But in the past twenty years, there has been what conservative justice Warren Burger has called "one of the greatest pieces of fraud–I repeat the word 'fraud'–on the American public by special interest groups that I have ever seen in my lifetime": the idea that there is an individual right to gun ownership. Culminating in DC v. Heller, now the idea is that the 2nd Amendment provides a right to self-defense regardless of any militia activity. That the Court ruled this way is a good example of how the Court responds to the social and political mood of the country. See this Cass Sunstein paper for a good rundown of these issues: http://papers.ssrn.com/sol3/papers.cfm?abstract_id=1204942

    Anyway. The issues you talk about ("individuals in the United States have a right to own firearms expressly for the purpose of fighting tyranny or foreign invasion" and "how the Second Amendment does not guarantee American citizens the right to own a wide variety of firearms") are moot in the context of the case law both before the "fraud" Burger talks about and after. In previous case law (1942 – 2001), what mattered is that the 2nd Amendment guaranteed the right to a gun as part of a militia to provide for the common defense. Emphasize the word "right", because the effectiveness of the weapons for providing for the common defense has been moot, since Lichtenstein's national army could take out every state militia combined at this point. That's just the way the world is, and case law has reflected that reality: the Constitution provides a right to a gun for somewhat archaic reasons, so there's an explicit right to own firearms, but the archaic reasons the Constitution gives for owning the firearms are indeed archaic, so worries about actually equipping the militias to fight a war have fallen by the wayside.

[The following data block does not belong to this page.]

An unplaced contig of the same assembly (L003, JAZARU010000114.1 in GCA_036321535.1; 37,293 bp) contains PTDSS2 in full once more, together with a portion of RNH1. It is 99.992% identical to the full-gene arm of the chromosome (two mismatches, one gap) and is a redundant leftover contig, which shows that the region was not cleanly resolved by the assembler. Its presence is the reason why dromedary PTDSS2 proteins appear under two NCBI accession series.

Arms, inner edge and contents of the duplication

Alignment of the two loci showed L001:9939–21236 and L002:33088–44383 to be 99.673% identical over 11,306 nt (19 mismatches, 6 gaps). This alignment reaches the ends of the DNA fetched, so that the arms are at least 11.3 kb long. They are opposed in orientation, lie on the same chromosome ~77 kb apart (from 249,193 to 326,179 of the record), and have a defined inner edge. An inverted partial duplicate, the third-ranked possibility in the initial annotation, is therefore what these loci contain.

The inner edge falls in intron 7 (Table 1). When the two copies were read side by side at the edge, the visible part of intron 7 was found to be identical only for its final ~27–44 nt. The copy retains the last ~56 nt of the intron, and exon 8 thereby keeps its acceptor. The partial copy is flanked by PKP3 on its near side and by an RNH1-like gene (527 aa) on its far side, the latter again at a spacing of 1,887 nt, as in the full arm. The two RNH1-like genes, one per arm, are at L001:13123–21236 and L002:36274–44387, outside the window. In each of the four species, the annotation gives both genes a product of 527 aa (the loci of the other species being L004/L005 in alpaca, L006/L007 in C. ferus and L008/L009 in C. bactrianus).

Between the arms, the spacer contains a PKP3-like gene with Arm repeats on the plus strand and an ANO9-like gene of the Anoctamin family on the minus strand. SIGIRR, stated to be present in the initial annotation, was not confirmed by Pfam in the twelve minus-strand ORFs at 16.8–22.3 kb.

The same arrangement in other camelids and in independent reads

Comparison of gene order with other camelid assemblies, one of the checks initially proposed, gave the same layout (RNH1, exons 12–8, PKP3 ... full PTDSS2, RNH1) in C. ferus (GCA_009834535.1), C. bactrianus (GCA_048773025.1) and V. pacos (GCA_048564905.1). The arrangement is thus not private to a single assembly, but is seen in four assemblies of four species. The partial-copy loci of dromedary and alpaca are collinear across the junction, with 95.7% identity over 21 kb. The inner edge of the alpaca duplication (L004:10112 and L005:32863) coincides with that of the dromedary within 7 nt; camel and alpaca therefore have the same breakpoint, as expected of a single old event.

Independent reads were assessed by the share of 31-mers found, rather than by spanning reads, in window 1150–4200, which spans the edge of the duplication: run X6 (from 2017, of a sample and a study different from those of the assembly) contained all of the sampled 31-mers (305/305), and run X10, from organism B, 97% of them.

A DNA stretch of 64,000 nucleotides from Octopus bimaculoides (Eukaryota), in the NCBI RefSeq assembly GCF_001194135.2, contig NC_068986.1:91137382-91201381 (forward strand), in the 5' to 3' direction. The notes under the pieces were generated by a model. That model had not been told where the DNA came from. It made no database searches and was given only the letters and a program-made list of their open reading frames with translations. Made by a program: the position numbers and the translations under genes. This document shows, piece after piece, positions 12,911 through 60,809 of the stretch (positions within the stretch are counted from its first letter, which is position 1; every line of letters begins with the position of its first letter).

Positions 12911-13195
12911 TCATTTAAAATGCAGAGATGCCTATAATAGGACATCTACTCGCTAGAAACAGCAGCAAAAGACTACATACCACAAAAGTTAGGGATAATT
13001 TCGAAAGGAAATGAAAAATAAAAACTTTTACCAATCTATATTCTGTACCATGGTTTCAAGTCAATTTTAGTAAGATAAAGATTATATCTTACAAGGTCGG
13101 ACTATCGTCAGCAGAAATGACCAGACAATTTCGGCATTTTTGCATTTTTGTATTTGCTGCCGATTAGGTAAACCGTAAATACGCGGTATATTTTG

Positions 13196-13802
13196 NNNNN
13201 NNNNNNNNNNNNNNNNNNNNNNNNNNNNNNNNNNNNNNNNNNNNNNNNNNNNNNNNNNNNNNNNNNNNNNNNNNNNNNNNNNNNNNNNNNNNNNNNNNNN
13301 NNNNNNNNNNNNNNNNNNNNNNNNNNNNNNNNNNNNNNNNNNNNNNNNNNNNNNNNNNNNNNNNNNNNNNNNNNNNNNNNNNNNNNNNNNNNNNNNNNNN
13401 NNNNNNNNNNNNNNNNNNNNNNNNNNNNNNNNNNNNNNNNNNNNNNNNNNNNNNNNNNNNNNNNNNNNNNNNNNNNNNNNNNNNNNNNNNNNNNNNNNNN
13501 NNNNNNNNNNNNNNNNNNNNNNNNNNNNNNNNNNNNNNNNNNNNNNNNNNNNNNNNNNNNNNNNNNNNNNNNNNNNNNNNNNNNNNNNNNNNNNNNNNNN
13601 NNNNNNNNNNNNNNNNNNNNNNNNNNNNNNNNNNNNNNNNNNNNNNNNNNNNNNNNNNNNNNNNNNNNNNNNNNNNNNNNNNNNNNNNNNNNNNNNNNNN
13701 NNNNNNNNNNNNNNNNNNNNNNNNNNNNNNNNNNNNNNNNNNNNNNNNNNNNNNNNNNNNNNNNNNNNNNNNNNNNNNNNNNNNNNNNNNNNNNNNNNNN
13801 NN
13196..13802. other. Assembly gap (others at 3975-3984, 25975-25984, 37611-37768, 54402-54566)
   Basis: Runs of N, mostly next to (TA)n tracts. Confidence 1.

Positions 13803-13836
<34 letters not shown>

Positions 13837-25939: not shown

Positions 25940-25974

After the "fraud", with the new case law, there's an individual right to a gun for purposes of self-defense, so questions of providing for common defense and owning a variety of firearms based on that defense are moot.

    Practical issues in banning large magazines:

    It's kind of interesting that in response to the question "why take the chance at all that a gunman would take advantage of larger magazines to shoot more people", you come up with hypothetical scenarios while ignoring the actual scenario that just took place. Had Loughner used smaller magazines, he would have killed fewer people. Full stop. Hypothetical scenarios don't really match up to scenarios that have already played out.

    Additionally, even given the applicability of hypothetical scenarios to this argument, it is much more likely that mass shootings will be perpetrated by someone without gun training or someone who is incapacitated to the point of not being able to carry out their training. I'm getting here at the idea that people who undertake mass shootings are mentally deranged; about 40% of all mass gun killings are performed by schizophrenics. This is not a class of people who are going to be whipping magazines in and out of handguns like something out of Call of Duty.

    Finally, why even take the chance? Why take the chance? There is only the possibility that more lives will be saved should extended magazines be restricted. Your argument that experienced marksmen can burn through smaller magazines quicker and thus more bullets extends equally to extended mags; concealing extended mags in a deep pocket wouldn't be very hard, and surely the markesmen you are talking about can re-load an extended mag just as easily as a smaller one (or with as little time difference as to not mean anything).